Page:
Beukes makes international moves

Hope for restoration in a world of food wastage
The former Windhoek junior mayor, who is also a former Miss High School, has a passion for food and nutrition, and despises food wastage.
Precious Nghitaunapo
Reschelle Beukes, Windhoek junior mayor 2018/19 and Miss High School 2019, is currently an international transfer student at West Virginia University in the United States of America (USA).

Beukes has a passion for food, nutrition and sustainability, and despises food wastage. She mentioned that according to the United Nations' Food and Agriculture Organisation, 226.7 million people are starving in Africa.

“This breaks my heart. While I have at least one plate of food to eat each day, others in my country are going to bed hungry for the third time this week."

Hunger is a multifaceted problem that needs integrated, multi-sectorial solutions, she said. She added that nutrition and how to multiply food at its preparation stage are the answer. “People perish because of a lack of knowledge."

Beukes said so many diseases can be prevented, and malnourished babies due to uneducated mothers can be averted if nutrition was a more prominent topic of discussion.

“My interest in nutrition and passion for health led me to study human nutrition and foods,” she said.

All Beukes' efforts are being assisted by the Education USA programme, which is a free advising network which promotes US higher education to mostly self-funded international students from around the world by offering accurate, comprehensive and current information about opportunities to study at accredited post-secondary institutions in the USA.

Education USA, through its opportunity funds programme, offers support to outstanding prospective students living in marginalised and less-favourable social and economic communities to cover upfront costs of attending a university in the USA. This includes application fees, translations/certifications of educational credentials, standardised testing fees, US visa and settling-in allowance and travel to the US.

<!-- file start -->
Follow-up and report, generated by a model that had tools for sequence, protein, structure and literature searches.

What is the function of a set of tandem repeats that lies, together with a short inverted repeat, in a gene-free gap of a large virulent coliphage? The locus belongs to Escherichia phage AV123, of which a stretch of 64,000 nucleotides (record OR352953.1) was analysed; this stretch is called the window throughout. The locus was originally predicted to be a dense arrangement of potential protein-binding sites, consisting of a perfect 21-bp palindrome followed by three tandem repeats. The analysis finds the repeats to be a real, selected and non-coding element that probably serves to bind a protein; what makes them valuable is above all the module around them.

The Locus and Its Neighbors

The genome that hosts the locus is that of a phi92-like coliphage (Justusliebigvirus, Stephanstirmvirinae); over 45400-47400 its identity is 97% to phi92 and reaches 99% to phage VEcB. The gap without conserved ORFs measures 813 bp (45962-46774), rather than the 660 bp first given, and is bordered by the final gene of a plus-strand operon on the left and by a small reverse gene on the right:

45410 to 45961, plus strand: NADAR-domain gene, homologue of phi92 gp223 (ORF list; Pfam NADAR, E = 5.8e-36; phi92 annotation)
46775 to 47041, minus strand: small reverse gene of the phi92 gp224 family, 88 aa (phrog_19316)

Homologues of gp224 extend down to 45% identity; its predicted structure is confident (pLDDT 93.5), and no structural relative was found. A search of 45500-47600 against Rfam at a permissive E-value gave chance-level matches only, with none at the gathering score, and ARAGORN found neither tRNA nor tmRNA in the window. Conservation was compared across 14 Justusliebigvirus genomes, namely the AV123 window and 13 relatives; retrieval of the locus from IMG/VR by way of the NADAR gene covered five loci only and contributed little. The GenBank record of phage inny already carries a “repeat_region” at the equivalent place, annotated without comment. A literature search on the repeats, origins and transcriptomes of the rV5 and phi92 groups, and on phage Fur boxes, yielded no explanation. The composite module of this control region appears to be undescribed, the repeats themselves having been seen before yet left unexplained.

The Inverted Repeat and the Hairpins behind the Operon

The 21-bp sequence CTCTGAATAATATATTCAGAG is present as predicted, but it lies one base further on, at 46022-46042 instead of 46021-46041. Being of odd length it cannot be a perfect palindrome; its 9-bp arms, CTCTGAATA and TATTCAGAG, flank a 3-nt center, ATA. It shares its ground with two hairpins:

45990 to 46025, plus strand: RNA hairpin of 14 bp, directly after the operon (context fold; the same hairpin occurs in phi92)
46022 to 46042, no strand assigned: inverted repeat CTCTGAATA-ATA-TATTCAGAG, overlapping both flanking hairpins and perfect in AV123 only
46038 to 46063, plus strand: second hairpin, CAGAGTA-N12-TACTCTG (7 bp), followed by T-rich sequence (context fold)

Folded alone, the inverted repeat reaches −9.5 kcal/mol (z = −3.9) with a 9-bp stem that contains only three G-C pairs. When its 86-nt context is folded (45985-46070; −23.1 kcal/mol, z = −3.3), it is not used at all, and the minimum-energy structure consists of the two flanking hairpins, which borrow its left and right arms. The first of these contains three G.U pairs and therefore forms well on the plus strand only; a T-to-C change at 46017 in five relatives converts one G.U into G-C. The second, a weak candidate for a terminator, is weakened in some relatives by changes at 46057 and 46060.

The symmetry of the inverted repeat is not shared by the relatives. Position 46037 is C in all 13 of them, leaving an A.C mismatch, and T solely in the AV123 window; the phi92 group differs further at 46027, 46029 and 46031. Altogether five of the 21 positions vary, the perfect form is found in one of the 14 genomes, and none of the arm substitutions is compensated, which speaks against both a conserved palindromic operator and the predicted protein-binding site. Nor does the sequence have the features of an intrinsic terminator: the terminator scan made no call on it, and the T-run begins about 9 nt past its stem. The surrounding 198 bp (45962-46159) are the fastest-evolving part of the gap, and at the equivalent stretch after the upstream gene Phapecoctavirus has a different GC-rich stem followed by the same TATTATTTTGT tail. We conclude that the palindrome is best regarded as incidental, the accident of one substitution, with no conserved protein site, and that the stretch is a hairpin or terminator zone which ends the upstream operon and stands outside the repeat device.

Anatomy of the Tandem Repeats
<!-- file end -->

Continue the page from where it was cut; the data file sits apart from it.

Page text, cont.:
According to Tiffany Miller, public affairs officer of the US embassy in Windhoek, monthly information sessions are held virtually for students or learners who wish to learn more about applying to study in America.

“In-person consultations have been put on hold, but our embassy is happy to connect virtually through emails,” she said.

According to Beukes, her particular career path assists with expertise and knowledge to try and solve concerns affecting everyone and anyone.

“I consider myself a social entrepreneur; therefore, in everything I do, I try to make a positive impact on society. Help me make Namibia the healthiest country."

She further encouraged young people to take ownership of their dreams and also expressed her gratitude to the US embassy in Windhoek and the Education USA programme "who sponsored my visa and flight ticket".

“I am so excited to be part of the food system development lab where we actively pursue and advocate for the creation of a food system that builds equity between consumers and producers across Central Appalachia in West Virginia,” she said. This opportunity has expanded her view on what and how food systems work, specifically in the United States, and given her perspective on how to make them more sustainable, nutritious and resilient, Beukes added.

“I hope to take everything I learn and make a positive change in Namibia with regard to food production and sustainable farming when I come back home."